Other names – Of course, Mr Mandela’s family use many terms of endearment for him. His grandchildren use variants of “Grandfather”, like “Granddad” for instance. Mrs Graça Machel frequently uses “Papa”.

Mandela Genealogy

Nelson Rolihlahla Mandela (born July 18, 1918)
Father: Nkosi Mphakanyiswa Gadla Henry (died circa 1927)
Mother: Noqaphi Nosekeni (died 1968)
Mr Mandela has been married three times.
He had six children, four girls and two boys.
A daughter and two sons passed away: Makaziwe died as an infant in 1948; Madiba Thembekile [Thembi] died in a car accident in 1969 and Makgatho Lewanika died of an AIDS-related illness in 2005.
His surviving children are Pumla Makaziwe [Maki], Zenani and Zindziswa [Zindzi]
1944 Married Evelyn Ntoko Mase (born 1922, died April 30, 2004) – Divorced March 19, 1958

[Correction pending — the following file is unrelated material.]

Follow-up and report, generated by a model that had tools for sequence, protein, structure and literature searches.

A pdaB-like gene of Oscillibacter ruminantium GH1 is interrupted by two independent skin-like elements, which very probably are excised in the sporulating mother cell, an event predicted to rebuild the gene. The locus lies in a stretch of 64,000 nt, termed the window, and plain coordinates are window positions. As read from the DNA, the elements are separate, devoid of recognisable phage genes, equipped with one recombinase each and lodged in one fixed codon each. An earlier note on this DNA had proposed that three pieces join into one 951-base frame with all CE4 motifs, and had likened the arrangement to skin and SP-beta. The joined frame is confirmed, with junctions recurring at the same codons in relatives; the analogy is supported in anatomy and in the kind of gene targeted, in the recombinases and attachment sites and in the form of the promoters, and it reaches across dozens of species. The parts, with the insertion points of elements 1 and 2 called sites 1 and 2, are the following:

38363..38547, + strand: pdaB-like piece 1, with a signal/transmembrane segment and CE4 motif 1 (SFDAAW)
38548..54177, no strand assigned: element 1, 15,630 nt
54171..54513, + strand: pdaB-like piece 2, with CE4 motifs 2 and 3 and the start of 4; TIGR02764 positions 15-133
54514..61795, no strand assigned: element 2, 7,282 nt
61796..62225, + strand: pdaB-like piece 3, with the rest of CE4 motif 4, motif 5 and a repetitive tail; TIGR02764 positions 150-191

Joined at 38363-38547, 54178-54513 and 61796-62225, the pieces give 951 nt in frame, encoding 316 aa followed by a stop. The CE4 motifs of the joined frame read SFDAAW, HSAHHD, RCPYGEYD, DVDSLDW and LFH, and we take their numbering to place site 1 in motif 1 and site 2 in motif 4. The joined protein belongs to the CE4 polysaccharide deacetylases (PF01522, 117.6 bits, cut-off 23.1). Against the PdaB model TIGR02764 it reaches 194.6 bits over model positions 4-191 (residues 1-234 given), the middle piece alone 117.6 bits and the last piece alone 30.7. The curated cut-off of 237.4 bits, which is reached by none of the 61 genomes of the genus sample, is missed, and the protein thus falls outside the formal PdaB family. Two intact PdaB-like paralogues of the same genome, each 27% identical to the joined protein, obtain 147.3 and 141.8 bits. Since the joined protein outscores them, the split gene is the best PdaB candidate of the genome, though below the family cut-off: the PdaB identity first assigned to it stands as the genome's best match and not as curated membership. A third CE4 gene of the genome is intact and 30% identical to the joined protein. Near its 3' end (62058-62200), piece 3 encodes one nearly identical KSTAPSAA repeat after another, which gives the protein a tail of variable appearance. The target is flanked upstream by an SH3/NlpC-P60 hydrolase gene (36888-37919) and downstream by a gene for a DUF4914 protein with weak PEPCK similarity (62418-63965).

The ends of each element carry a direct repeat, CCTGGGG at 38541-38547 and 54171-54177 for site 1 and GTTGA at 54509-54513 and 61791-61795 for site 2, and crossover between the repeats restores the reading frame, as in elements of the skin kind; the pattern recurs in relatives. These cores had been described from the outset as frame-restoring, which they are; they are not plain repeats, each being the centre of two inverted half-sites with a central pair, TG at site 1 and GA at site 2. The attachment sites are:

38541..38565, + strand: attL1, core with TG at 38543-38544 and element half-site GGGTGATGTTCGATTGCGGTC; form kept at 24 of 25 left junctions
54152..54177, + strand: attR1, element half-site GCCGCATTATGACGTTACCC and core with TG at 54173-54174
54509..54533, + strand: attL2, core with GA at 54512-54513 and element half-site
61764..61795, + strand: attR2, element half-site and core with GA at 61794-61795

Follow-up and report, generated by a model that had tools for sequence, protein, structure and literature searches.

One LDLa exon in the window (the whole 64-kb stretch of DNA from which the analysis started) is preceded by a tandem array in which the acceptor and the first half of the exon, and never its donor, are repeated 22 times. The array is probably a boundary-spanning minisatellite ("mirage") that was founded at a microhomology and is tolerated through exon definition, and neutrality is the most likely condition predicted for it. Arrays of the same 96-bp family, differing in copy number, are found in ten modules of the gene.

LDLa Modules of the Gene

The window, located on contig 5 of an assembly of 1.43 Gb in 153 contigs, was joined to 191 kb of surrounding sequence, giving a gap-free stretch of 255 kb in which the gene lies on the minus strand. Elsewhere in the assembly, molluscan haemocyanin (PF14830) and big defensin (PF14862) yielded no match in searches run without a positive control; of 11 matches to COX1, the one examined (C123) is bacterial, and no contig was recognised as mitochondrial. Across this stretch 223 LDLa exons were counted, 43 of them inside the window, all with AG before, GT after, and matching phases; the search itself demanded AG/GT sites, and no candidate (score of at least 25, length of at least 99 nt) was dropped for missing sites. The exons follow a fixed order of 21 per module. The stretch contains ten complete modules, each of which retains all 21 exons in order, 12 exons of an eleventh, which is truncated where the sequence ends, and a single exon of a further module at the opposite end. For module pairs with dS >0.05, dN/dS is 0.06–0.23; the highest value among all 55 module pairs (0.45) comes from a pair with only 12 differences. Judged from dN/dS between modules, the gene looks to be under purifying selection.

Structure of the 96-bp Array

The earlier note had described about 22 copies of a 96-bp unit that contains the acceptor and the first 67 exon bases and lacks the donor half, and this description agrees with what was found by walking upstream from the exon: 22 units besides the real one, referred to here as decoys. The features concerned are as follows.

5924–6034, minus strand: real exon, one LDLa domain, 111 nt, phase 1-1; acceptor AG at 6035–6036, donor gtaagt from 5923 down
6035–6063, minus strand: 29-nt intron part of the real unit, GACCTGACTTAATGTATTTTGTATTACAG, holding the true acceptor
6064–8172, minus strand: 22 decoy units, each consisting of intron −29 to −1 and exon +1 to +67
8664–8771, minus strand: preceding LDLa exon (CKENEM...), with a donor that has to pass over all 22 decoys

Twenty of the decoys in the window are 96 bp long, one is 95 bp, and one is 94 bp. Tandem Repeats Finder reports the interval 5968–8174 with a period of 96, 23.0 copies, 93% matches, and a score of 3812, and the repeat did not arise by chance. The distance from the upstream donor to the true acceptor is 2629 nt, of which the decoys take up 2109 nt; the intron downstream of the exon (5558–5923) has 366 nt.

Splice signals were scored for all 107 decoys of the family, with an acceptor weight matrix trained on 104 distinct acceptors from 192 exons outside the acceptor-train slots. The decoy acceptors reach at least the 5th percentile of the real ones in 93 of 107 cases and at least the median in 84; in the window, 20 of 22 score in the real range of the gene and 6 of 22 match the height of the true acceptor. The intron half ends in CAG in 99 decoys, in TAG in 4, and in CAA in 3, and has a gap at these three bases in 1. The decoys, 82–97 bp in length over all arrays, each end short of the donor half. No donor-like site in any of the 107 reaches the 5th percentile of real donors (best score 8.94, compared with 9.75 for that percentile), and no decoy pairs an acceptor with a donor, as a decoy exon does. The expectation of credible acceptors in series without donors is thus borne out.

June 14, 1958 Married Winifred Nomzamo Zanyiwe Madikizela (born 1936) – Divorced March 19, 1996
July 18, 1998 Married Graça Machel (born 1945)
With Evelyn Mase
1. Madiba Thembekile Mandela (born 1945, died July 13, 1969 aged 24)
2. Makaziwe Mandela (died 1948 aged nine months)
3. Magkatho Lewanika Mandela (born 1950, died January 6, 2005 aged 55)
4. Pumla Makaziwe Mandela (born 1954)
With Winnie Mandela
5. Zenani Dlamini (born 1959)
6. Zindzi Mandela (born 1960)
1. Ndileka Mandela [1965—F—Thembi]
2. Nandi Mandela [1968—F—Thembi]
3. Mandla Mandela [1974—M—Makgatho]
4. Ndaba Mandela [1983—M—Makgatho]
5. Mbuso Mandela [1991—M—Makgatho]
6. Andile Mandela [1993—M—Makgatho]
7. Tukwini Mandela [1974—F—Makaziwe]
8. Dumani Mandela[1976—M—Makaziwe]
9. Kweku Mandela [1985—M—Makaziwe]
10. Zaziwe Manaway [1977—F—Zenani]
11. Zamaswazi Dlamini [1979—F—Zenani]
12. Zinhle Dlamini [1980—M—Zenani]
13. Zozuko Dlamini [1992—M—Zenani]
14. Zoleka Mandela [1980—F—Zindzi]
15. Zondwa Mandela [1985—M—Zindzi]